Centerboard Case

While I was building the hull, I also fiberglassed the centerboard trunk with some 6oz cloth. It’s a good idea to try and keep smaller projects going that can use up leftover epoxy from bigger jobs.

Next I epoxied on the case logs to the side pieces.

And finally I epoxied the two sides together to make the centerboard case. I made a long spatula with a nice radius at the top so I could put a fillet of thickened epoxy along the inside corners. Should make the joints stronger, but more importantly watertight. This is an area on the boat that I never want to have to try and repair.

Cutting the hole for the centerboard case was the most nerve wracking step so far. My chalk line was still visible from when I made the bottom panel, so I used that as the centerline of the boat. I marked out two squares along the centerline that will accept the protruding head ledges of the centerboard case.

Then I cut the holes out with an oscillating saw. I had to use a grinding attachment to clean up the holes and bring them to size.

Success! The centerboard case fits in and appears to be parallel with the centerline as best I could measure.

Next I epoxied in the centerboard case and half bulkhead with thickened epoxy and 4″ 12oz tape. This really locks it in position and stiffens the bottom panel.

I flipped the boat over and then used a straight edge to connect the two head ledges. This gives me the size of the slot to cut out.

I drilled a hole at either end and jig sawed out most of the waste. I made sure to stay well within the lines so the blade wouldn’t damage the layer of fiberglass inside the case.

Then I followed it up with a trim router and a flush cut bit to make a nice neat slot for the centerboard.

Skipping ahead a bit, I started cutting out the pieces for the cap.

I simply glued these together with thickened epoxy. I put a trash bag underneath so any drips wouldn’t glue it to the boat.

Finally I drilled and countersunk a bunch of holes to screw it down. The glue joints don’t need to be particularly strong since this piece will rarely be taken off and there’s no load on it.


Later I welded up a catch and protective pad from 316 stainless steel to hold the board in the up position. Previously I looped the line on the handle around the centerboard pivot bolt which was awkward at best.

3 thoughts on “Centerboard Case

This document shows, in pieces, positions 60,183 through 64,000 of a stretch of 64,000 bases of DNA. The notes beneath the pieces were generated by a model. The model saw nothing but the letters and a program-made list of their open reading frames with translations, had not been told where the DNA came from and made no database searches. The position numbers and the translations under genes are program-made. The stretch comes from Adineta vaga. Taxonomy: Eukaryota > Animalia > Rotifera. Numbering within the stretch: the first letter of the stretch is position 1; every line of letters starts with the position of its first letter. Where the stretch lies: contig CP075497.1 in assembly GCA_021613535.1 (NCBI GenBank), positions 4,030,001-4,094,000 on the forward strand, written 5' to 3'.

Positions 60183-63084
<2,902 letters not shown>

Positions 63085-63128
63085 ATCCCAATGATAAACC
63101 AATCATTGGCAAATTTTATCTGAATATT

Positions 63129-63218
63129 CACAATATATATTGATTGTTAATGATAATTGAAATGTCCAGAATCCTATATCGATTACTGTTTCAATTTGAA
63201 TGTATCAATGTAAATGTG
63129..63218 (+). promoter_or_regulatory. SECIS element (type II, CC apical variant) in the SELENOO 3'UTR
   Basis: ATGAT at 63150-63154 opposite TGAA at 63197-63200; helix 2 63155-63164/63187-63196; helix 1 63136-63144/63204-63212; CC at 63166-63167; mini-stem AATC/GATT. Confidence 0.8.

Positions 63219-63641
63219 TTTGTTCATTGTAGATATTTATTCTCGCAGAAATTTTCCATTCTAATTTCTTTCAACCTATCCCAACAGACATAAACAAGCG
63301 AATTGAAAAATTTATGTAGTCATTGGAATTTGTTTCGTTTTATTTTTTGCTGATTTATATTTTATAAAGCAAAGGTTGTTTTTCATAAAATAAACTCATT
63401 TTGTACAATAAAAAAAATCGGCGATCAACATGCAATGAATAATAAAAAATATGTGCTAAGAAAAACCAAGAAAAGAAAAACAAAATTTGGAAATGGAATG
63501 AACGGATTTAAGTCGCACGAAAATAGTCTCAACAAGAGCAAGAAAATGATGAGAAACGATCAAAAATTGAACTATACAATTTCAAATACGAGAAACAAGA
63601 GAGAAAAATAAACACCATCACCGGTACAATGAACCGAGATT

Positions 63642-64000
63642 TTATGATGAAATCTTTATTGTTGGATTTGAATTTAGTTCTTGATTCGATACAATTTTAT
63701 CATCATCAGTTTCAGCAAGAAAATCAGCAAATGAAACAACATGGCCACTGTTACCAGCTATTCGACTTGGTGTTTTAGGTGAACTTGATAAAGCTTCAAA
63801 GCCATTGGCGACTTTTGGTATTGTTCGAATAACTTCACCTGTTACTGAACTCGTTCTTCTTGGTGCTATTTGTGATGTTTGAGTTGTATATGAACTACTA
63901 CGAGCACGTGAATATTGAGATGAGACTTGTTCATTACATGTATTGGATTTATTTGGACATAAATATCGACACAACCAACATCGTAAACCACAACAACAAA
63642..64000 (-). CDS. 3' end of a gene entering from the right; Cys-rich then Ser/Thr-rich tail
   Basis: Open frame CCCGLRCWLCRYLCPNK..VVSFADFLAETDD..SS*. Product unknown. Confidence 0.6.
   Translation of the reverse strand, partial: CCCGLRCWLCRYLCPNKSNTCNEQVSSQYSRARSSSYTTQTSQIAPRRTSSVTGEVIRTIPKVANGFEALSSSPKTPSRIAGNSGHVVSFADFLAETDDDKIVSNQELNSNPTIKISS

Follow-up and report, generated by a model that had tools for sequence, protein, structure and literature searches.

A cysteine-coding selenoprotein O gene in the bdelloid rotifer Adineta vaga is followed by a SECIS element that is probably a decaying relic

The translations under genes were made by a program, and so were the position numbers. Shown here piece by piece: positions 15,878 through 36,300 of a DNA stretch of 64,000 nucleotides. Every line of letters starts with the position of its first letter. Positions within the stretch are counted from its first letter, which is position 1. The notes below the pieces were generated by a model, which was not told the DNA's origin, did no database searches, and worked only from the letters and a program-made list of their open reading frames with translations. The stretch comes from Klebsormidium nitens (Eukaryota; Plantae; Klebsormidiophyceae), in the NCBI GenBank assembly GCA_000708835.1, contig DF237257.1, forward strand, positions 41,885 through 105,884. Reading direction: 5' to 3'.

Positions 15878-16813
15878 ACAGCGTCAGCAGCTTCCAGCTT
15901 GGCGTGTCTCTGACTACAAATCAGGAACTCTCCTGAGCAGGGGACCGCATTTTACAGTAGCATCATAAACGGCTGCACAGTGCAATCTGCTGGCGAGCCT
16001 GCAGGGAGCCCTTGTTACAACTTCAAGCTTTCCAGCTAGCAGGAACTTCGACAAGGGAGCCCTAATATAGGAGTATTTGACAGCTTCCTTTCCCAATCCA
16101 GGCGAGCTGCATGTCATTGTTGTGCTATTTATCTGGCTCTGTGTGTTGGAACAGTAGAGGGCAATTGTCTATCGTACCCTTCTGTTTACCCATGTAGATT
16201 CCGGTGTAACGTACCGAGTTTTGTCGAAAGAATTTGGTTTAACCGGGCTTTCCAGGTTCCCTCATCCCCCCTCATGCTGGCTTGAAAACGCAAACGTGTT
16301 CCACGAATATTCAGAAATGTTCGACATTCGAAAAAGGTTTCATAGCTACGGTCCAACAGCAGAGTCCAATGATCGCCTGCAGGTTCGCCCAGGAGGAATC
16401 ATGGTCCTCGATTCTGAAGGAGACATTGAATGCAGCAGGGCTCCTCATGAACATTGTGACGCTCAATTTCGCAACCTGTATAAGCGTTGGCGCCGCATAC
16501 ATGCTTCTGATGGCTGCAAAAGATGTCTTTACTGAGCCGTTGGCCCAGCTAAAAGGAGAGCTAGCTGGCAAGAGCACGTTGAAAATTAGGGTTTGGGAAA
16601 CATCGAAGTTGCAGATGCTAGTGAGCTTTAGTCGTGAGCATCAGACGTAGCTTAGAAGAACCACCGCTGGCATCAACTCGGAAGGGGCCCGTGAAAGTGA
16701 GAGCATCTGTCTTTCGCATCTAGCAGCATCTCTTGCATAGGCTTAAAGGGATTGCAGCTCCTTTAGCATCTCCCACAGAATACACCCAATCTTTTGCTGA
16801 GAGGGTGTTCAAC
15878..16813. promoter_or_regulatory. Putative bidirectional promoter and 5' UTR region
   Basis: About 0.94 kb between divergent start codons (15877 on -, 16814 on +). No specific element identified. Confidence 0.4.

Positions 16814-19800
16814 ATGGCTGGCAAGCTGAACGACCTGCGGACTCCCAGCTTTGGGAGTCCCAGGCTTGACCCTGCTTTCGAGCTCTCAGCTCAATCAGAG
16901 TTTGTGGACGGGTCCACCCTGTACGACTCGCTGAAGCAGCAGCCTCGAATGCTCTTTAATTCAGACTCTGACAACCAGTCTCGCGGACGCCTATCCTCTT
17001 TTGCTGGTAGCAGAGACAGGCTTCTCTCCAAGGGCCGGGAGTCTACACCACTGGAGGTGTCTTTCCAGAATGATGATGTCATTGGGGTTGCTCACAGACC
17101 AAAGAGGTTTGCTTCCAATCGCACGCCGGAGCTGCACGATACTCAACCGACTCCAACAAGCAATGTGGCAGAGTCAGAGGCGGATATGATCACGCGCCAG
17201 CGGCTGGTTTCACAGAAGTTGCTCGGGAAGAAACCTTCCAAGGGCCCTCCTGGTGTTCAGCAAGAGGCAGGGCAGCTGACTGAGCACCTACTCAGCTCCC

1. Thanks for the detailed build on your centerboard trunk. I’m rebuilding my 40 year old dory/skiff and changing from a centerboard to a daggerboard and was looking for ideas. Your description fits the bill perfectly. Even though I’m doing a daggerboard, the case construction will be very similar. Thanks again.

  2. Hi Jeff,

    Love your website. After contemplating and buying the plans for a Saturday Night Special, I am in the early stages of a First Mate build. Frames and bulkheads are cut out, centreboard is glued and shaped, centreboard case is ready to glue up, mast is done and spar is done. I was thinking of the sprit rig but it seems very busy, and that has put me off to some degree. Going with the balanced lug.

    Would you do the centreboard any differently if you had your build time again? Any thoughts about an alternative to the metal rod? I can’t help but think that it will get in the way if the board is half way up… Another question. Did you paint the centreboard and the inside of the case? Mine is already a bit of a tight fit and I am worried it will jam. (I could always make the case end logs a bit wider.)

    All the best, and please document Longsteps if you go down that path. It’s a great looking boat.

    • Must have missed your comment in my emails, sorry! The sprit rig really is a labor of love and the balanced lug will definitely be a lot easier to handle.

      I’m pretty happy with the centerboard arrangement and I haven’t had much trouble with things catching on the handle. Early on I bent it a few times when it was tied halfway down and I ran aground, so now I just let it float if I’m getting into shallow water. Perhaps a weighted board and an uphaul through a pulley would be a bit safer. I did paint the inside of the trunk a bit, mainly to protect the epoxy from any UV damage coming through the hole in the cap. Mostly I just smeared a hotdog paint roller around. My board is a pretty loose fit and I’ve occasionally wondered if I made the case too wide.

      I’ll definitely document Long Steps when I get to it! Currently converting the hand drawn plans to CAD and building a 3d model so I can get an idea of what I’m doing before I waste some expensive plywood!

      Good luck on your build and let me know how it goes!

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